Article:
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J Clin Microbiol. 2010 May; 48(5): 1690–1695.
Published online 2010 March 17. doi:  10.1128/JCM.01528-09
PMCID: PMC2863922

Comparative Evaluation of an Automated Repetitive-Sequence-Based PCR Instrument versus Pulsed-Field Gel Electrophoresis in the Setting of a Serratia marcescens Nosocomial Infection Outbreak[down-pointing small open triangle]

Abstract

A semiautomated, repetitive-sequence-based PCR (rep-PCR) instrument (DiversiLab system) was evaluated in comparison with pulsed-field gel electrophoresis (PFGE) to investigate an outbreak of Serratia marcescens infections in a neonatal intensive care unit (NICU). A selection of 36 epidemiologically related and 8 epidemiologically unrelated isolates was analyzed. Among the epidemiologically related isolates, PFGE identified five genetically unrelated patterns. Thirty-two isolates from patients and wet nurses showed the same PFGE profile (pattern A). Genetically unrelated PFGE patterns were found in one patient (pattern B), in two wet nurses (patterns C and D), and in an environmental isolate from the NICU (pattern G). Rep-PCR identified seven different patterns, three of which included the 32 isolates of PFGE type A. One or two band differences in isolates of these three types allowed isolates to be categorized as similar and included in a unique cluster. Isolates of different PFGE types were also of unrelated rep-PCR types. All of the epidemiologically unrelated isolates were of different PFGE and rep-PCR types. The level of discrimination exhibited by rep-PCR with the DiversiLab system allowed us to conclude that this method was able to identify genetic similarity in a spatio-temporal cluster of S. marcescens isolates.

Concerns regarding the emergence of hospital-acquired infections, increasing antimicrobial resistance, and the increase in morbidity, mortality, and costs associated with these infections drive the need for refinement of molecular approaches to aid in the diagnosis and epidemiological analysis of nosocomial infections.

Several methods based on DNA analysis are now available that provide information about the genetic relatedness of isolates of the same species (26). These DNA-based molecular methodologies include pulsed-field gel electrophoresis (PFGE), PCR-based typing methods, and multilocus sequence analysis. Establishing clonality of pathogens can aid in the identification of the source of organisms (environmental or personnel), in distinguishing infectious from non infectious strains, and in distinguishing relapse from reinfection.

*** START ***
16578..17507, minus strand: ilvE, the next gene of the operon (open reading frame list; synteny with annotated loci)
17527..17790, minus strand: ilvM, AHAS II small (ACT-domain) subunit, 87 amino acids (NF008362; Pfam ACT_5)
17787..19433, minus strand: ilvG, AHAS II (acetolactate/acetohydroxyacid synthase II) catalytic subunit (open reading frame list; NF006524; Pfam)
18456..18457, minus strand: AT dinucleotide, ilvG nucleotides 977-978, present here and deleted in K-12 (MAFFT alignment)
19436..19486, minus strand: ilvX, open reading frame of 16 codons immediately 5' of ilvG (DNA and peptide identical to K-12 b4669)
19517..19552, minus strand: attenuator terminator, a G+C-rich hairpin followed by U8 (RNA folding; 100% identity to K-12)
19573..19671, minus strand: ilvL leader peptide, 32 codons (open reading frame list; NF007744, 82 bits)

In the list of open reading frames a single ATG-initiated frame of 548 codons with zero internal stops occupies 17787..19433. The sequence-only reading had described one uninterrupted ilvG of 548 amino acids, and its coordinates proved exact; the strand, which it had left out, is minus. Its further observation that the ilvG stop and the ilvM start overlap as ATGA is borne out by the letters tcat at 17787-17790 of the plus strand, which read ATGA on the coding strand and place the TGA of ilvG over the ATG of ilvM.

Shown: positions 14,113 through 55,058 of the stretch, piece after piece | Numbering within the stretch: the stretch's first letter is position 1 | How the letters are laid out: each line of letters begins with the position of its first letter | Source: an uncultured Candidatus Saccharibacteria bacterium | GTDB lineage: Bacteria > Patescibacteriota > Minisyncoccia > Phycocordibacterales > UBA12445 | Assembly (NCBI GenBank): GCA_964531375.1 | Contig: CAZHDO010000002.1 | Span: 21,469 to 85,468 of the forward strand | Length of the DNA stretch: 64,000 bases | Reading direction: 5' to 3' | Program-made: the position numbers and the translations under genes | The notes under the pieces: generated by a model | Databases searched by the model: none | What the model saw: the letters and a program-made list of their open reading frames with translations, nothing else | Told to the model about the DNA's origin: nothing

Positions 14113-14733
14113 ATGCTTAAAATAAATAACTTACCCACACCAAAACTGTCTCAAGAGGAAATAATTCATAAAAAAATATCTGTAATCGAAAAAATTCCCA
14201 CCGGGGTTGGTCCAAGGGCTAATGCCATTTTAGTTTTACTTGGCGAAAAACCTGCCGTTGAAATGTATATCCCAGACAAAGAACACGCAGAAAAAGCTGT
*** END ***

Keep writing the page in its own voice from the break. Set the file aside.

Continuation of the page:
PFGE is generally considered one of the most reproducible and highly discriminatory typing techniques available and is considered the “gold standard” molecular approach for the epidemiological analysis of most bacterial pathogens (10, 28). However, PFGE requires specialized equipment and is technically demanding, labor intensive, and relatively slow, as it may take 2 to 5 days to obtain results, depending on the organism and the methods utilized.

Automation and computer-assisted pattern analysis afford several benefits for the molecular epidemiology laboratory: reduction of labor costs, standardization, decreased time to completion, and better comparison between runs. The latter is of special importance when comparing large groups of organisms or comparing organisms submitted to the laboratory over a certain time period. Recently, two semiautomated systems for strain typing have become available on the market: (i) the Ribo-Printer Microbial Characterization System (DuPont Qualicon), which performs ribotyping of strains (8, 9, 11, 14-16, 22), and (ii) the rep-PCR DiversiLab Microbial Typing System (bioMérieux, Italy), which amplifies the regions between the noncoding repetitive sequences in bacterial genomes (12).

The goals of this study were to assess the DiversiLab rep-PCR system as a rapid method for S. marcescens strain identification and differentiation in comparison with PFGE results for strains from an epidemiologically well-characterized outbreak that occurred in the neonatal intensive care unit (NICU) of the Verona University Hospital and to contribute to the discussion of the use of molecular techniques to identify and differentiate bacterial isolates.

MATERIALS AND METHODS

Epidemiologic investigation.

An outbreak of S. marcescens infection occurred in the NICU from August 2007 to December 2007. Microbiology records were reviewed to identify cases of infection and to determine the baseline rate of S. marcescens infection in the NICU prior to the outbreak. Case patients were defined as any neonate hospitalized in the NICU from August 2007 to December 2007 who had one or more clinical or surveillance cultures that yielded S. marcescens. Cultures were performed with samples from the NICU environment, including counters, sinks, bottle warmers, personnel work areas, breast milk, equipment in the breast milk room, infant formula, inhalators, medications, saline ampoules, incubators, eye examination equipment, soaps, lotions, ventilators, oxygenation and humidification devices, and other respiratory care equipment. Each member of the NICU staff was examined for the presence of artificial fingernails, and hand cultures were obtained.

Microbiological method.